On the last of his five-days in the mission home, as Elder Schmutz sat in the last classroom session before departing for the field, the returned missionary instructors role-played a meeting with investigators. Once again, they recited Joseph Smith’s experience in the sacred grove. “As the missionaries taught and testified, I received a witness of the actuality of the First Vision so powerful that I could hardly contain it. It burned into my soul. At the end of the class, I ran from the room and sought a private place where I could pray.” Elder Schmutz knelt to thank Heavenly Father, reaffirmed his testimony, and went on his way.
This powerful event would not only serve as a catalyst for a wonderful mission, but also for decisions and pursuits throughout Elder Schmutz’s life. Of all these decisions, the one that he is most grateful for is his marriage to Cindy Lee Sims on Feb. 3, 1978, in the Provo Utah Temple. Elder Schmutz attributes much of his happiness in life and the success of his family to the presence and influence of Sister Schmutz as his partner and covenant companion, and as the mother of their children.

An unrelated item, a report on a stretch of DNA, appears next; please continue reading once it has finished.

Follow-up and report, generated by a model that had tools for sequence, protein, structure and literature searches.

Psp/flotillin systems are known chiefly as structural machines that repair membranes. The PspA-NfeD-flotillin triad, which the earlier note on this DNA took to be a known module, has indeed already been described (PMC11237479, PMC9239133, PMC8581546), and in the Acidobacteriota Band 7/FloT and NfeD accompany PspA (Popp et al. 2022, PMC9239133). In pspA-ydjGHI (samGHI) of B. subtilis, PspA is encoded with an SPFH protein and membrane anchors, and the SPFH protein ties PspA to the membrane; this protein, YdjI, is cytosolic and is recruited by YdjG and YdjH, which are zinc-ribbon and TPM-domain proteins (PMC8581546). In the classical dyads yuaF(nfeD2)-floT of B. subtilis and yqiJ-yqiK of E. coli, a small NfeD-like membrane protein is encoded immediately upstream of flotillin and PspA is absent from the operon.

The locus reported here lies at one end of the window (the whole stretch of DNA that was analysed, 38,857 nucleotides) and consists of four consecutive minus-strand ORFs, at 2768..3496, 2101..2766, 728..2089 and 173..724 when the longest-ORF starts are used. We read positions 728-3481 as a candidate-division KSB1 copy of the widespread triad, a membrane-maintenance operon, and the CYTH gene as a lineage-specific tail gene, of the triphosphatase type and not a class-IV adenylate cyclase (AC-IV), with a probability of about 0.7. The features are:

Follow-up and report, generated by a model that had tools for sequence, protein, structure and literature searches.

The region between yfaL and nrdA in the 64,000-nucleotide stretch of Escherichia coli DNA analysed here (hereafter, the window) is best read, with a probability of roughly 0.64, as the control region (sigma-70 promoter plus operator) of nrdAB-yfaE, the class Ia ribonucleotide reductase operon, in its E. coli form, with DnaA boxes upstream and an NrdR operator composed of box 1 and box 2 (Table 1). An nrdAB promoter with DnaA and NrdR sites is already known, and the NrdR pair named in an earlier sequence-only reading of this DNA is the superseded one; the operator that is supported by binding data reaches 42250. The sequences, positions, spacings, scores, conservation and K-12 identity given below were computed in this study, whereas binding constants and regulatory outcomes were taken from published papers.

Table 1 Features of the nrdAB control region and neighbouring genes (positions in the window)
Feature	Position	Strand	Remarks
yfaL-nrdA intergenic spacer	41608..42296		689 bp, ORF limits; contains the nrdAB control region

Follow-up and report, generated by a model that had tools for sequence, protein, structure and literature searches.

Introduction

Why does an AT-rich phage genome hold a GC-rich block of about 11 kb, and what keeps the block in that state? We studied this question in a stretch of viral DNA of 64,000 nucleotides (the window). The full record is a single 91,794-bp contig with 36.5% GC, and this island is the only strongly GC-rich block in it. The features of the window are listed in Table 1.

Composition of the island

Sister Schmutz speaks in similar terms about Elder Schmutz. “Throughout our marriage, my husband has made daily scripture study a hallmark of his life. His love and understanding of the scriptures has blessed our home and marriage. He loves to teach the doctrine of Christ and our children have grown up with a love of the scriptures,” Sister Schmutz said.
Another powerful spiritual experience was born of Elder Schmutz’ love of the scriptures. One morning after being called as a mission president, he sat pondering at his desk. “I was just starting to break in a new set of scriptures, and I picked up my old set. It was completely worn out after years of use,” he said. “I was struck with an overwhelming thought. What if I hadn’t spent so much time in my scriptures? What if, at the age of 56, I was just starting what I had started in my early twenties? How could I ever make up for lost time, for lost opportunity? It left me with a deep sense of gratitude, and with a profound understanding of the importance that we should not waste the days of our probation. It had a powerful effect on me.”